H7N9 found after poultry markets reopened in China in 2013
As many as 22% of poultry samples tested positive for H7N9 avian flu in live-poultry markets in a Chinese city after the markets reopened in the summer of 2013 following their closure over H7N9 cases, according to a study yesterday in the International Journal of Infectious Diseases.
Investigators tested 113 poultry samples taken from 13 markets in Huzhou City in August and September after the markets were reopened on Aug 2 and 3. The samples comprised 92 poultry feces samples, 20 swab samples from culling benches, and 1 sewage sample.
Overall, 17 (15%) of the samples tested positive for H7N9 by polymerase chain reaction. Four of the markets had positive samples, with prevalence ranging from 4% to 22%.
Phylogenetic analyses of the viruses showed that the market strains belonged to the same genotype as those detected in humans in the area. Four people in Huzhou contracted H7N9 avian flu from October 2013 to Jan 20, 2014, the authors noted.
The authors conclude, "We must strengthen routine surveillance of live poultry markets to effectively prevent a large-scale outbreak of the H7N9 virus."
Jul 14 Int J Infect Dis abstract
Study: 21% of hospice patients prescribed antibiotics
About one in five terminally ill patients are prescribed antibiotics despite little evidence that the drugs improve symptoms or quality of life, according to results of a study of hospice patients published in Antimicrobial Agents & Chemotherapy last week.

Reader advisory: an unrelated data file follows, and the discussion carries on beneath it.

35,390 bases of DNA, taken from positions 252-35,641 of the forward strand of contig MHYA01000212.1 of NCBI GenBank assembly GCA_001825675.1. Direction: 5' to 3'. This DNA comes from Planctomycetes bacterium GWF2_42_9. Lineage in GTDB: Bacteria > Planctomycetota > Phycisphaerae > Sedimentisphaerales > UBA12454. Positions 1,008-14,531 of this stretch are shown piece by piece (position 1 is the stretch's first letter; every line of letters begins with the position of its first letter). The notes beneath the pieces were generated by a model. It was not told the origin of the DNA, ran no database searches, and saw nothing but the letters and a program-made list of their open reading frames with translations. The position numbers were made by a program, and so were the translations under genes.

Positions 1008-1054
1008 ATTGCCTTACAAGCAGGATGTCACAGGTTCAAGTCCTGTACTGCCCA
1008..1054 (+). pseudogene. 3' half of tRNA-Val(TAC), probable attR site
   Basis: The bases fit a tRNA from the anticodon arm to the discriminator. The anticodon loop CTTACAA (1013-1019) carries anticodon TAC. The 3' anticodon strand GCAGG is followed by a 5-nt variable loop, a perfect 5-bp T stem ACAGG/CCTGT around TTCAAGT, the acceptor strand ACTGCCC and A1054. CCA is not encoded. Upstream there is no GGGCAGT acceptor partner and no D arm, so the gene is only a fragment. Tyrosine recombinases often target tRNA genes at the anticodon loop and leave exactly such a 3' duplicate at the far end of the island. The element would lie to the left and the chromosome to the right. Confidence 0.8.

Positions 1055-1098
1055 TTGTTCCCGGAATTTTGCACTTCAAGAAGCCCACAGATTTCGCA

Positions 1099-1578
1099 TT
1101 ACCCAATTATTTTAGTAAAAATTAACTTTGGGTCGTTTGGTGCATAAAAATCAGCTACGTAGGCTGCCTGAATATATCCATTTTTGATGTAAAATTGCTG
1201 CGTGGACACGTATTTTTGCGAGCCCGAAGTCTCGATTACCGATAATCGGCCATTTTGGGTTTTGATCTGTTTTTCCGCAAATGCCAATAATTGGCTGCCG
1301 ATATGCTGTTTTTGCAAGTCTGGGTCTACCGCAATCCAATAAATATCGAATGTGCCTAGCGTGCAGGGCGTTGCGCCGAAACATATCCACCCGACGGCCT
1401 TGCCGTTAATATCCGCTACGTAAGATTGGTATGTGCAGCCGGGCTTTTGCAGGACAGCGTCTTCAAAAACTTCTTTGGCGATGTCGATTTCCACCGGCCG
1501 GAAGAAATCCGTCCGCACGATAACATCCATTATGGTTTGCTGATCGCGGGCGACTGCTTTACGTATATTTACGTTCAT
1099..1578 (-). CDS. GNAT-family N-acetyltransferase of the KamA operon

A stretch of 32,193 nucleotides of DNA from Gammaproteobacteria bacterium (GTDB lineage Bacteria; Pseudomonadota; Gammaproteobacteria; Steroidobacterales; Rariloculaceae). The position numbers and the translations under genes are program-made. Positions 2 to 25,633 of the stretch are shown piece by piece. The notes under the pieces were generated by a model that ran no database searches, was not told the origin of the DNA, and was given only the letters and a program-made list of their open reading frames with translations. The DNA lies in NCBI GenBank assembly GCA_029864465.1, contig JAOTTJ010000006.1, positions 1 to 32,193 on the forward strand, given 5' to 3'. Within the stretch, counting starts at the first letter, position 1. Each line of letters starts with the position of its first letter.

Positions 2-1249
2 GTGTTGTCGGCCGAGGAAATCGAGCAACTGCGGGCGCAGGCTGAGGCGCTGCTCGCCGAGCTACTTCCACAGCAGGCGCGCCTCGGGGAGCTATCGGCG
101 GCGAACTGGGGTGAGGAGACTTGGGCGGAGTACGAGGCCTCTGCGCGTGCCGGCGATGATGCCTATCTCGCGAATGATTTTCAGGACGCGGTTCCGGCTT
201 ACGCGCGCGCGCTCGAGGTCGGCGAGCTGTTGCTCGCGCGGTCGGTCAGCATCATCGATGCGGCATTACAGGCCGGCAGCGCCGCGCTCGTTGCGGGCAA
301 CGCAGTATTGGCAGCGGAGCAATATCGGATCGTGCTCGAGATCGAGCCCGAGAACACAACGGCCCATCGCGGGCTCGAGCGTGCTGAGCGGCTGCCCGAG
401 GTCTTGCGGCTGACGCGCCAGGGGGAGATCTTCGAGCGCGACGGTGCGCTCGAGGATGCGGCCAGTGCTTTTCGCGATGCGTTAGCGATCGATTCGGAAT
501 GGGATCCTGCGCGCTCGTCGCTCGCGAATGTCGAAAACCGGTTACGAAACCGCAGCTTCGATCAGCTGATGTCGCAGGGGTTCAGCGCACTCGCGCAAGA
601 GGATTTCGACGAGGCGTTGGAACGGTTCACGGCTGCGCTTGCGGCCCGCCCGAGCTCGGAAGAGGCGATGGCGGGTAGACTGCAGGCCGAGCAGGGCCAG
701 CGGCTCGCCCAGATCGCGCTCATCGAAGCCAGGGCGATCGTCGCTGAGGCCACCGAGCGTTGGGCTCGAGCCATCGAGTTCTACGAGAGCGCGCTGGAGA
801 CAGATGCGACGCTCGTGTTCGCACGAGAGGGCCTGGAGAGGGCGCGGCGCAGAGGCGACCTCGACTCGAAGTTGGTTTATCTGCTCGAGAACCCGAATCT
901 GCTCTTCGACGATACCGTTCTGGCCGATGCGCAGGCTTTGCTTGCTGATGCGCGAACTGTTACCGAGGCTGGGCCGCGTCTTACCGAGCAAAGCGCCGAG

Researchers studied prescribing data on 845 patients discharged to hospice care from Oregon Health & Science University (OHSU) Hospital in 2010 through 2012. They found that 21.1% had a prescription for antibiotics upon discharge, among whom 71.8% had a documented infection when they were first admitted to the OHSU Hospital.
Independent risk factors for receiving an antibiotic prescription were documented infection on first admission (adjusted odds ratio [AOR], 7.00), discharge to home hospice (AOR, 2.86), and having a cancer diagnosis (AOR=2.19).
"The frequency and prevalence of antibiotic use in this patient population is a concern," said lead author Jon P. Furuno, PhD, an associate professor in the Oregon State University/OHSU College of Pharmacy, in an Oregon State University press release.
"Antibiotics themselves can have serious side effects that sometimes cause new problems, a factor that often isn't adequately considered. And in terminally ill people they may or may not work anyway."
The design of the study probably leads to it underestimating the significance of the problem, the researchers wrote in their conclusion.
Jul 7 Antimicrob Agent Chemother abstract
Jul 14 Oregon State University press release